|The mayor of Lancaster, Coun Jon Barry, and chief executive of Lancaster City Council, Mark Cullinan, with the city's new Freemen|
One of Lancaster’s most historic traditions was celebrated last Saturday (25th July) when nine people were admitted as Freemen of the City.
Dating back to 1688, traditionally the honour of becoming a Freeman carried a number of privileges including the right to ‘pasture a limited number of beasts’ on the Marsh and to enter the city free from the payment of tolls.
Nowadays the role carries few rights, but remains popular amongst those who are proud of their heritage.
The Freeman’s Court was presided over by the Mayor of Lancaster, Coun Jon Barry, who said: “Traditions like the Freeman’s Court are part and parcel of what makes Lancaster special. I enjoyed presiding over this historic ceremony.”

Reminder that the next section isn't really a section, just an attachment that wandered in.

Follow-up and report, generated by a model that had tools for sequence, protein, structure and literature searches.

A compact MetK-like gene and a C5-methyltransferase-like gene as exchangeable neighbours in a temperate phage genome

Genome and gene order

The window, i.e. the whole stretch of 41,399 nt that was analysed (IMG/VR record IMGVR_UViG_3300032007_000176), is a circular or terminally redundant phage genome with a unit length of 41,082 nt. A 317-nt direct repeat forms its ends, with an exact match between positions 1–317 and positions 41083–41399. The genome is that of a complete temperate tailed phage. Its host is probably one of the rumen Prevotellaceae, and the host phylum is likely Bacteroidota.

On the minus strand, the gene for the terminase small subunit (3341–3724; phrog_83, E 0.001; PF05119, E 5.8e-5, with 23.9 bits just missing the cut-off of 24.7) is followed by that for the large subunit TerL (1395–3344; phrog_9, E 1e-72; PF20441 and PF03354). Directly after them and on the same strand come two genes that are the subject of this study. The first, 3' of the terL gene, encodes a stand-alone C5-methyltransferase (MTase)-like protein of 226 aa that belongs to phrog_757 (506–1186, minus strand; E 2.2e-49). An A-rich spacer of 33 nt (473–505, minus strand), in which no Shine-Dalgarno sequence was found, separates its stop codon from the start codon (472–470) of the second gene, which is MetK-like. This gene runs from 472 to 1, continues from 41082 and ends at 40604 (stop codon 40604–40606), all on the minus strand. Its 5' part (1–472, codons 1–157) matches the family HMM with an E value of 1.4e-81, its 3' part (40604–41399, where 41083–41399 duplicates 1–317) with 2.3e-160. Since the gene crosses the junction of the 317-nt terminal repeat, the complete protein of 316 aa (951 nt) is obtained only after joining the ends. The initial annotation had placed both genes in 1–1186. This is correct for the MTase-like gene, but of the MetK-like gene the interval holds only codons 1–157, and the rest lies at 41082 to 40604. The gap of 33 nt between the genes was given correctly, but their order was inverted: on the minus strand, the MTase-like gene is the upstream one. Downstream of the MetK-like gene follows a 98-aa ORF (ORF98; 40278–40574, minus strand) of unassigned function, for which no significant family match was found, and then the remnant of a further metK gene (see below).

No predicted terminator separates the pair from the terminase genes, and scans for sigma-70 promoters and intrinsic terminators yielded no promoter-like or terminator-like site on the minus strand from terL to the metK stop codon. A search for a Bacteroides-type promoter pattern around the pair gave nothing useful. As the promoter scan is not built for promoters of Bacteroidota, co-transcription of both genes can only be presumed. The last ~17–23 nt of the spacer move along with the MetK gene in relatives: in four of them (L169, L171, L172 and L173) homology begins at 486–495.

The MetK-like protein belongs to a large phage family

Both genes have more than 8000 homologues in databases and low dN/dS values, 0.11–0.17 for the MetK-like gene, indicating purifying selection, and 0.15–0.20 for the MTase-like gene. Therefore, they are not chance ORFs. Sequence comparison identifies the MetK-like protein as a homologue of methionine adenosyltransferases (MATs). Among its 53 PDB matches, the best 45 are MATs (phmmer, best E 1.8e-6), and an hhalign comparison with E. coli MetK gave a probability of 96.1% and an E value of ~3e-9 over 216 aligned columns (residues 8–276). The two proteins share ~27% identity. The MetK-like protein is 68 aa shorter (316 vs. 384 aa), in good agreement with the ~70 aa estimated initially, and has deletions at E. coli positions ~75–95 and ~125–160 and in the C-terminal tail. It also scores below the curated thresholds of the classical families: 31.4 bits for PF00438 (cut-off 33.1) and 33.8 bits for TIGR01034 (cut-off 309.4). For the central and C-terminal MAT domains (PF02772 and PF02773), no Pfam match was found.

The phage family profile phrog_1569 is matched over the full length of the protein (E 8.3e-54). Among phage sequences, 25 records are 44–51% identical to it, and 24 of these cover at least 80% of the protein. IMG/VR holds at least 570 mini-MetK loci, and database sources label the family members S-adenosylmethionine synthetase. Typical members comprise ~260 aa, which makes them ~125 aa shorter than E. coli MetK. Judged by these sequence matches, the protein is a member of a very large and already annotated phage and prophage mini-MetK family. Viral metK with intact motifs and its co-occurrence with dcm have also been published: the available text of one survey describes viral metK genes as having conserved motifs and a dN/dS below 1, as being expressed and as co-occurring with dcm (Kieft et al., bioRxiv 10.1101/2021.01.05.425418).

Both men and women are eligible to apply to become a Freeman if they meet one of the following criteria:
• To be the son or daughter of a Freeman or Freewoman
• To have served an apprenticeship to a Freeman or Freewoman of the City for a period of seven years
• To have been born within the old city boundaries
• To have lived within the old city boundaries for a period of seven consecutive years
In each case, the applicant has to be at least 16 years of age.
The new recipients could, in time, also be eligible for their share of an annual payment known as ‘Marsh Grass’. This stems from 1900 when the Lancaster Corporation secured Parliamentary powers under which the Freemen's rights in the Marsh were extinguished subject to the payment by the Corporation of £13 per annum. Each year the 80 senior Freemen (or their widows) resident within the old city boundaries are entitled to claim the payment.